Seven years have passed since between the exquisite “Jordan: the Comeback” and “Andromeda Heights”, the new Prefab Sprout album. Paddy McAloon has been busy working simultaneously on a number of albums, most of which will be future Prefab Sprout recordings, and several songs for the successful stars Jimmy Nail, Cher and Kylie Minogue. He has also been building his own studio and learning to overcome the drawbacks of working for a multinational. In any case “Andromeda Heights” confirms the brilliance and elegance of a timeless pop sensibility.
Why have seven years passed without any sign of life from Prefab Sprout?
I’ve been busy writing songs. If there haven’t been any records it’s partly because my compositional method is slow. I like to write a lot of songs around a single theme, Christmas for example.
And how do you make a living if you’re not releasing new records?
I’m always busy with different projects. Jimmy Nail asked me to write some songs for his series “Crocodile Shoes”, so in February 94 I put to one side a Prefab Sprout project I was working on, a concept album about the history of the world called “Earth, the Story So Far”.
What does the rest of the group and the record label think of that?
Since the release of “Jordan”, I’ve come to accept certain realities. This is the reality the record company and everyone else has understood since Edison made his first album on wax cylinders. Money talks. Records cost money if you want to do them in the way you would like. You have to justify the costs, and your records have to earn enough to cover the cost of production. So I put “Earth”, a very ambitious album, aside, having decided I wasn’t prepared to deal with the arguments there would certainly be when I tried to make it.
Is there no way that an artist can negotiate on equal terms with the record label?
For that you have to be practical, and how what you do might seem hostile from the perspective of a hypothetical lawyer at Sony. When you start a project, the first thing to consider is how to finance it, and when you have the means to do that it leaves less room for the lawyers to muddle your plans. Thinking like that saves a lot of disappointments. Not that the record companies are ogres, but they can’t see a clearing in the woods without wanting to shit in it.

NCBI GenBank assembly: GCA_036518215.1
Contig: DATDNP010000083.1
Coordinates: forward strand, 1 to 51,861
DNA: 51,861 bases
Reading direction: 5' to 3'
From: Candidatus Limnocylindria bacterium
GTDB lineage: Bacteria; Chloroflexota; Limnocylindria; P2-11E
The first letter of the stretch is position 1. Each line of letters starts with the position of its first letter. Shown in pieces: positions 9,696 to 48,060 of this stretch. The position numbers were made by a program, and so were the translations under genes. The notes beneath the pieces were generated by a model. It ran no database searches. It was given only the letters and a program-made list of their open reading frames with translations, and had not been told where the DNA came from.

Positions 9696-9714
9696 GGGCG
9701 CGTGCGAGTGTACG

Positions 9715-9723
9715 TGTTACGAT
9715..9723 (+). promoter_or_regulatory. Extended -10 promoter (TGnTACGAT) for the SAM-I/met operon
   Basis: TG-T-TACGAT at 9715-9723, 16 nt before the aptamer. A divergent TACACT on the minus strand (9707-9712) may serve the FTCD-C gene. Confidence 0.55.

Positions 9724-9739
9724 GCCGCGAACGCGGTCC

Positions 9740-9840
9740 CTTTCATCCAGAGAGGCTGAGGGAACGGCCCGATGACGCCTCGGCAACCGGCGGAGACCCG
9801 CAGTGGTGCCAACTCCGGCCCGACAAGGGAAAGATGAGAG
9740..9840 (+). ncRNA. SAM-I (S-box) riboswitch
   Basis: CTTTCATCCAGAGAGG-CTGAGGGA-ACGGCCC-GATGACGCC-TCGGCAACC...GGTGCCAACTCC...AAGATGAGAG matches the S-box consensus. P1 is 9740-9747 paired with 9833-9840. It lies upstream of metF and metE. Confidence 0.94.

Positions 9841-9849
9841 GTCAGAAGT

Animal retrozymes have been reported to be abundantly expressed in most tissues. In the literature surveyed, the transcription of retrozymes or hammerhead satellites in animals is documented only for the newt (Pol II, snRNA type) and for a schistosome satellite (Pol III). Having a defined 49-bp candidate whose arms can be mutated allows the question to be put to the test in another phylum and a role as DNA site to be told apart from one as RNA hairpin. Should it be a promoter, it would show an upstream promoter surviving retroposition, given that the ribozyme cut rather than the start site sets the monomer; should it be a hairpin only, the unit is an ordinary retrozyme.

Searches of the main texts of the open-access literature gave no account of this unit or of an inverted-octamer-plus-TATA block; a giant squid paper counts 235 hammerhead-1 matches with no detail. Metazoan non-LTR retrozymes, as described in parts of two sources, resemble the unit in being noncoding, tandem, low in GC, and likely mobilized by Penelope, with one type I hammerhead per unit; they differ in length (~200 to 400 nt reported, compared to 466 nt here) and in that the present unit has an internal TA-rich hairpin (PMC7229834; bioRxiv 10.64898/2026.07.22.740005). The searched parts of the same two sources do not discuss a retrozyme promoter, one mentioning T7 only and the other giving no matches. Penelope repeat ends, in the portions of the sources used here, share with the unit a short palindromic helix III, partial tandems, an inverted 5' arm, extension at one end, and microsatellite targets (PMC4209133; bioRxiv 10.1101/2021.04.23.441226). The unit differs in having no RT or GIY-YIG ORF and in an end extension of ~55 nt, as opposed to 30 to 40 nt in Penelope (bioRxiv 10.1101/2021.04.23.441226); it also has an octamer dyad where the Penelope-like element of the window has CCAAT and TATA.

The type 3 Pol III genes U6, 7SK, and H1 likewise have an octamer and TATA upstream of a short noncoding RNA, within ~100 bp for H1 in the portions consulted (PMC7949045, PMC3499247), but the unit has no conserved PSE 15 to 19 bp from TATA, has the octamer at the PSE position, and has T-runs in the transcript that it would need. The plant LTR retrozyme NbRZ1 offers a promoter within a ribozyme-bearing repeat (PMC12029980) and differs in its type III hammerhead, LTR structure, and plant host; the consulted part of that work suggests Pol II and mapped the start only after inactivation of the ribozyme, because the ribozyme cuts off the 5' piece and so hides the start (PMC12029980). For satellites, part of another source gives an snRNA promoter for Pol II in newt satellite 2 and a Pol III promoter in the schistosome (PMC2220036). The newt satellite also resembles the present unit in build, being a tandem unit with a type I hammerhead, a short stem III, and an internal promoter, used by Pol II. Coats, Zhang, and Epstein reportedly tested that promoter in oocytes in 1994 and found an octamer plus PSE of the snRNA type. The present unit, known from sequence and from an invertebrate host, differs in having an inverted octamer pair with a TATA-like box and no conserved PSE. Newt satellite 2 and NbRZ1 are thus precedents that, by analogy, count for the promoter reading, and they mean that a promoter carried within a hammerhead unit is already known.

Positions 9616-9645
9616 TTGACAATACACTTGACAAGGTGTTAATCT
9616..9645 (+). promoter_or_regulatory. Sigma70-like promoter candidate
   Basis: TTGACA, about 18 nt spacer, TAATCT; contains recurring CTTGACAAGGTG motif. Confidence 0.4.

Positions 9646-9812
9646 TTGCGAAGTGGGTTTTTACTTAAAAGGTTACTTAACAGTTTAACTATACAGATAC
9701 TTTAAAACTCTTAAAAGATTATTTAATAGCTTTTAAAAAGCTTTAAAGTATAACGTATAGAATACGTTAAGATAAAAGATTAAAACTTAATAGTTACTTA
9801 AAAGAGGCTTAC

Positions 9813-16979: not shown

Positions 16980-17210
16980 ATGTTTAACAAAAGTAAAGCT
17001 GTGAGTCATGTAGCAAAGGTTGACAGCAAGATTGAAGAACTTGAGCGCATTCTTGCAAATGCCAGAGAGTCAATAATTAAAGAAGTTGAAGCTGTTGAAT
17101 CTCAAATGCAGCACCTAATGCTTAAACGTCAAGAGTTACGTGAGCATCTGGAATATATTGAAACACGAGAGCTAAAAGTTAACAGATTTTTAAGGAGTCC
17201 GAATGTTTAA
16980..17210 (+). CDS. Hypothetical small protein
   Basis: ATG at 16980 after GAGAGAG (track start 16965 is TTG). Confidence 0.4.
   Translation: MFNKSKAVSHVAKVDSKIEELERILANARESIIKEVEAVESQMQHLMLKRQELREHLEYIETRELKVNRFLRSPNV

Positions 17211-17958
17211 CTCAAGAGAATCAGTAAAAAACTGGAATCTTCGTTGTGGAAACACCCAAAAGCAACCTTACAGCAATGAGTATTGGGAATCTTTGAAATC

“Andromeda Heights” is a cosmic record…
It uses space as a metaphor. Space can be anything, a cold and infinite place, a fun place, an image of loss from a purely emotional point of view. I think “Andromeda” is a very romantic album, although I confess I think I’m too old to sing love songs.
And do you care about that?
Well, I think that after a certain point is difficult to sing certain kinds of love song. Your credibility suffers if you sing songs where someone is marvelling at another. And it might sound false.
re you worried that the passage of time will affect your importance in the world of pop music?
What you really want to ask, but you’re too polite to do so, is whether we’re still relevant. It’s a strange kind of question to ask, it’s contrary to your kind words about the record.
I meant that you’re not paying tribute to dance music in your structural sensibility. It’s different, there’s a clear connection to the old school, Walker Brothers and Phil Spector.
I’ve always felt pop music should be able to express sentiments that are no longer teenage. And there’s nothing new about that. “What’s Goin’ On” by Marvin Gaye is revered for these reasons.
When you speak about music and your plans, you do it in the first person. Is Prefab Sprout no longer a band?
Guilty as charged, your honour. Guilty of being disinterested in bands. The important thing is the piece of music you’re trying to record. I don’t think Martin and Wendy are disappointed we’re not doing an 18 month tour. And being in a group is a precarious job.
Why this reluctance to go on tour?
Playing live is strange. The travel, soundchecks, rehearsals and ego gratification quickly make you forget that the reason you’re there in the first place is because people like your records. Not that it’s difficult, but it has nothing to do with writing songs or recording records. You have to choose between being a human jukebox, or using the time to conceive new albums. I’d have love to have seen Brian Wilson and the Beach Boys in 1965. “California Girls” and “Please Let Me Wonder” were fantastic, but I’m glad Brian stayed at home to write “Pet Sounds”.
Thomas Dolby is your usual producer, but you produced “Andromeda Heights” yourself.
Thomas was busy trying to establish his own company. Prefab Sprout discs are rarely recorded quickly so I can understand his reluctance to get involved with the project. He encouraged me to produce it myself, and I also felt comfortable being in the hands of an engineer like Calum Malcolm. I admire his work with the Blue Nile and I wanted someone like him, who’s not worried about fashion, someone who could help us make something timeless. And you can’t get that if you’re a slave to the latest sounds and technology.
Do you regret now calling the group Prefab Sprout?
I could have made my life easier, but I chose it when I was a kid. From the magic of words, you know, those bands with mysterious names, Grateful Dead, Grand Funk Railroad …